How to tell if your tall boots fit properly

How to tell if your tall boots fit properly


JEN: Hey there, I’m Jen and I manage SmartPak’s
Retail Store, located in Natick, MA. Every day, we help customers find just the right
tall boots for a variety of disciplines, and today, I’ll be showing you what to look
for in tall boot fit to make sure that you look spectacular in the ring. The first step is making sure that your foot
feels comfortable in the boot. Your toe should not be touching the front, and your heel should
rest comfortably in the back without lifting. Foot width can be tough in tall boots, as
they are generally very narrow. If the boot feels a bit snug across the widest part of
the foot, you can sometimes use a few squirts of Boot Stretch to help the leather relax
and stretch a bit across the top of the foot. The next most important area to evaluate is
the height. Tall boots should be tall. The goal is to have an elongated, elegant lower
leg, especially in the equitation ring. Most tall boots have a Spanish cut on the outside
of the boot, which means that the leather is cut higher, covering more of the knee and
making the leg look even longer. Brand new, the boot will come up to the bend
in the knee on the inside of the boot, and there may be a slight wrinkle to the leather
just behind the knee. This should go away as the boot breaks in and drops. Most boots
will wrinkle at the ankle and drop approximately 1-2 inches in height, so you’ll need to
ensure that they are tall enough to start with, so that the boots will still be at a
good height after they break in. Width is also key. Boots should be snug around
the ankle and the calf, with the exception of dressage boots, which have more of a stovepipe
leg cut and will be straighter from calf to ankle. Proper fit isn’t just about fashion. A boot
that’s too short won’t show off the rider’s leg to the best advantage, and it also could
catch on the bottom flap of the saddle, which could be dangerous. If the boot is too tall, it won’t wrinkle
and drop enough to alleviate the discomfort behind the knee, and it will cause excessive
wrinkling around the knee. Of the two, having a good fit around the calf and ankle is more
important in helping you ride as effectively as possible. Let’s walk through a few examples of proper
and improper fit in tall boots. As you can see in this example, the boot is
too short and wide through the calf. It shifts around excessively and will hinder the rider
in achieving effective leg position. This boot, on the other hand, fits beautifully
for a brand new boot. The height looks too tall right now, but the leather will soften
and wrinkle around the ankle, dropping the height by 1-2 inches. If the boot is uncomfortable
to ride in initially due to the height, you can insert a heel lift. This wedge lifts your
foot in the boot, allowing the height to be less of an issue until the boot drops enough
for comfort behind the knee. The calf and ankle have a snug, tailored look to them.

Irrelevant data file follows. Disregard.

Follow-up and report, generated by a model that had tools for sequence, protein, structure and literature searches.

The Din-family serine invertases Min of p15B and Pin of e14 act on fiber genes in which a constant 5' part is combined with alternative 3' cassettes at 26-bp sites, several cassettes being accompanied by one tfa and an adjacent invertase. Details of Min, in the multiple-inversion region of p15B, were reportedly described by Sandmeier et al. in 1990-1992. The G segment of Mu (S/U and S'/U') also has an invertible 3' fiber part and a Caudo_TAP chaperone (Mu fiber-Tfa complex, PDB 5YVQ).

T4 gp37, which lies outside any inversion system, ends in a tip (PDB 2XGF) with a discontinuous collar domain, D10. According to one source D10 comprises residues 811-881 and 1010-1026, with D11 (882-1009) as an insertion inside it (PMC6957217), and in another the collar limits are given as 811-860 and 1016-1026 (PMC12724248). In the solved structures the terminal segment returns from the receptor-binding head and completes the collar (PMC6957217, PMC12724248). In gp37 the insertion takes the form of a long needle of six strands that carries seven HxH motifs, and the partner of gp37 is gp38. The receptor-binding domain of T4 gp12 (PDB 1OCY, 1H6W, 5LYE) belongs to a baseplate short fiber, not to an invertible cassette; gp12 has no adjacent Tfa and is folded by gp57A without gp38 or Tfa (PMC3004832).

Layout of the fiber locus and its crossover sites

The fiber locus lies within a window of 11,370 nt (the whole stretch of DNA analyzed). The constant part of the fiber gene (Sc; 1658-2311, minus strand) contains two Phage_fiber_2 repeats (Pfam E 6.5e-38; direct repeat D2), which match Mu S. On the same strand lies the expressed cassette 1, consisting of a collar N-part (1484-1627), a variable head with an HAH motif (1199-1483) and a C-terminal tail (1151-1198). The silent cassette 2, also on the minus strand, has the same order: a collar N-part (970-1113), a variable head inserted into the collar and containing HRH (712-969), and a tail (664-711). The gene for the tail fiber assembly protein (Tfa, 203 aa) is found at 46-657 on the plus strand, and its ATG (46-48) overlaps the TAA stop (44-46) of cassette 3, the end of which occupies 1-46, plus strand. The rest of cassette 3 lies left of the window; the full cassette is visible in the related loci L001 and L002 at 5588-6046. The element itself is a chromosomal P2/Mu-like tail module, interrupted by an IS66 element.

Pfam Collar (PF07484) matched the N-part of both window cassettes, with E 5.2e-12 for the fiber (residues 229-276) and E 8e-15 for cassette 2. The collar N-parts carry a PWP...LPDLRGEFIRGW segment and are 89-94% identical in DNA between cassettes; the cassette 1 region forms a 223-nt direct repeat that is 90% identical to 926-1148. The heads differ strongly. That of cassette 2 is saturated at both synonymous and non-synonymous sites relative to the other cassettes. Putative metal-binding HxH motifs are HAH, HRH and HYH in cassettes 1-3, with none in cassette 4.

Thanks to the increased popularity of zippers and elastic panels, most everyone can find
a near-custom fit in tall boots. I hope these examples have helped you assess
boot fit. If you find you need to replace your tall boots or are in the market for your
first pair, give our Customer Care team a call and we can help you find the right boots
for your discipline and your wallet. And don’t forget, SmartPak offers free shipping
both ways, so you can order your tall boots risk-free! Thanks so much for watching, and
have a great ride!

11 thoughts on “How to tell if your tall boots fit properly

  1. I guess I'll just have to wait to see you there… have a nice ride to you too! oh, and thanks for answering

  2. ı  have-   got    very   awesome-    and    friendly-    dressage-  rider-   friends-   facebook.

  3. I am a begginer rider but I think that after 20+ riding lessons it's time to finally get my riding boots!
    This video was really helpful…I wouldn't want to pay 170€ for a "wrong" pair!!!

  4. My issue is, I just measured myself for a tall boot (Future purchase) and My calf is 14 inches, and height from floor to knee crease is 13… I'm short so I think I'd have to get custom boots, and I don't think I'll have $300 to shell out for customs. I've always loved the look of field boots and have wanted a pair of my own for several years. (Almost twenty since I started riding). Any suggestions on how to find a boot that will fit me and not be terribly tall in the shaft?

  5. I am a new rider with a question. I recently got a pair of custom made dressage boots but the ankles, calves and boot openings are over 2 inches larger than my leg measurements. The sales rep said that is to allow room for the breeches / pants to tuck in but 2 inches seems excessive. What is an acceptable margin of sizing up from the leg measurements for a laceless, no zip dressage boot ? I would guess no more than 1/2 an inch. Anyone able to answer this? Thanks in advance!

  6. This is really helpful. My boots are too tall, but I now I know not to shorten them too much. I have long, narrow feet, but bigger sizes tend to also come with higher boots.

  7. TYSM! Just bought some talk boots ( My first pair ever! 😆) and I was afraid they’d be WAY to tall but now I know that they will stretch! SO EXCITED!

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